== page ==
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Library. The respective collections are well arranged, and with the Library and Museum are much frequented by the middling and lower classes of the people. It is gratifying to witness their desire for knowledge. I have rarely entered a public library in France without finding it well attended ; and its occupants were in general so intent on the subjects that interested them, that they seldom turned to regard the visitors. The Cathedral contains nothing worthy of notice; and the general appearance of the streets is gloomy and dull.

11th.-We drove to-day to the village of Sassenage, to see the grotto to which it gives its name. Nothing can be more picturesque than the scenery of the route, which commands a fine view of the mountains on each side, and of the rivers Isère and Drave, the latter of which is very rapid, and must be crossed to arrive at Sassenage. Having reached this place, we left our carriage, and, conducted by two guides, proceeded up the mountain, by the side of a torrent. The ascent is very steep, and somewhat dangerous, but the views it commands are so beautiful that the fatigue and danger are amply repaid. After a walk of twenty minutes, we crossed the foaming torrent, on a plank brought for the purpose on the shoulders of the guides; and soon reached the cascade formed by the vast rush of water from the cavern above. This waterfall proceeds from a subterranean stream issuing rapidly through a number of less caverns, formed in the rocky mountain. On ascending still higher, we reached the opening of the grotto, which has a very grand and imposing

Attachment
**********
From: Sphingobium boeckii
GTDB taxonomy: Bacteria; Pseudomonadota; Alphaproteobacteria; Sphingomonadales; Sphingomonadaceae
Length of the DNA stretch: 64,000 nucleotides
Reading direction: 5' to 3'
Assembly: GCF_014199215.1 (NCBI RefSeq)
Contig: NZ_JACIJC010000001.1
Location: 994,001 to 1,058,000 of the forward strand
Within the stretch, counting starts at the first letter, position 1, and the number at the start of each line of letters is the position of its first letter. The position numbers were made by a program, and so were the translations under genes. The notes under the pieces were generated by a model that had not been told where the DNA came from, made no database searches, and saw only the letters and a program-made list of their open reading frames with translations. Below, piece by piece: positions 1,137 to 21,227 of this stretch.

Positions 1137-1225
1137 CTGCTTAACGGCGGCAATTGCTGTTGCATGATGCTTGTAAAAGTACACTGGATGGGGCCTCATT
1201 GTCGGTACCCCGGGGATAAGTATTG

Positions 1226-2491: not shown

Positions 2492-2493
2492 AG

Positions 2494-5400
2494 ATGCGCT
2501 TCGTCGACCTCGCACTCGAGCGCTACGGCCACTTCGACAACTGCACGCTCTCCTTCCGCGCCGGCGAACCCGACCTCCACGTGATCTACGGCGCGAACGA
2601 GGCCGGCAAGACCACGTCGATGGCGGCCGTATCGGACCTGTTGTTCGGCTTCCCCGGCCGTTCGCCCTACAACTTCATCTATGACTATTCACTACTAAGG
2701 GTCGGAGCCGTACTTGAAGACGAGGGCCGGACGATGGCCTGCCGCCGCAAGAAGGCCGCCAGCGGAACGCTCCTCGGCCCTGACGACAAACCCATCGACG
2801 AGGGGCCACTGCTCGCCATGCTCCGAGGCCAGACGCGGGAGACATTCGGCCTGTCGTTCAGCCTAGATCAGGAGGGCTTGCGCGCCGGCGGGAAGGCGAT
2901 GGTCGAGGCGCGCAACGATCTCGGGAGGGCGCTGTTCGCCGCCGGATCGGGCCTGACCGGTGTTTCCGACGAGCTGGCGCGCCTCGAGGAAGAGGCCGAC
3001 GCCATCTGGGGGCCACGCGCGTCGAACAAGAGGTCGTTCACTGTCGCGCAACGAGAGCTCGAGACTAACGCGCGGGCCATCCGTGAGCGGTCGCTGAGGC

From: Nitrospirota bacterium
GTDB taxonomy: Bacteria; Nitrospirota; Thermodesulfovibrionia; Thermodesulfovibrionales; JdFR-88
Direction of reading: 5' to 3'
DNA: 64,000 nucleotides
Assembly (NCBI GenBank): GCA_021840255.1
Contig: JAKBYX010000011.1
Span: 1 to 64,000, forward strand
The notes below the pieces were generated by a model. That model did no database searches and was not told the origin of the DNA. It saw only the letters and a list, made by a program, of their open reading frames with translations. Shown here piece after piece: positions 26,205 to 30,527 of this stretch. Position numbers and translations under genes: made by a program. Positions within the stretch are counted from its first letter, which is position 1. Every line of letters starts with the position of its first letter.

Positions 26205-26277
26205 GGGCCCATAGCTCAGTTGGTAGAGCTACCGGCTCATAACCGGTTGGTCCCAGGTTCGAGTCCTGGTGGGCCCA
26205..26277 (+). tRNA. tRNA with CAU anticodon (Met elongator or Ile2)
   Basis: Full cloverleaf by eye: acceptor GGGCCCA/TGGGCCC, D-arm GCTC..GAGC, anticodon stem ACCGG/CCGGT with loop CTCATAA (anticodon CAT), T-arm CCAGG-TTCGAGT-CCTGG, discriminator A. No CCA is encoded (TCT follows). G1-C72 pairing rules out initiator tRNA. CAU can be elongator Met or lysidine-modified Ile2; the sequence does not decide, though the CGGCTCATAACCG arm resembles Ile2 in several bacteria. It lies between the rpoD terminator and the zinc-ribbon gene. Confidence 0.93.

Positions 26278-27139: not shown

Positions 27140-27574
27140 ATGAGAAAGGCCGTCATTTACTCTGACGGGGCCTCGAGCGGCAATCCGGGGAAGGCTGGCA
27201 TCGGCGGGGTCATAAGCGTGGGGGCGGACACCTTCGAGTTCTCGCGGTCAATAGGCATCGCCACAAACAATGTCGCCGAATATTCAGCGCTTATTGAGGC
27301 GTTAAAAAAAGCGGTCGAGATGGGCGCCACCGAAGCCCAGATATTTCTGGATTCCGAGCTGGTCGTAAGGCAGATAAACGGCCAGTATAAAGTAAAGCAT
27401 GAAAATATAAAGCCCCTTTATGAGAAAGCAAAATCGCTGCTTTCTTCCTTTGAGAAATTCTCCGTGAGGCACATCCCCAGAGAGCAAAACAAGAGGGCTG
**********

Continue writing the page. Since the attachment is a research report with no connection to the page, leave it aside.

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are proverbial, panted for an occasion to avenge and retrieve the imagined stain on their honour, inflicted by the occupation of Paris by the allies. In the return of their martial chief, this occasion seemed presented; then can it be wondered at, that, combined with their personal attachment to Napoleon, it led them to throw off their allegiance to his successor, and resume their devotion to his cause?

10th.—Saw the Palace of Justice to-day, a gothic building, in the style of architecture of the time of Francis I. ; also the Library and Museum, which are beneath one roof.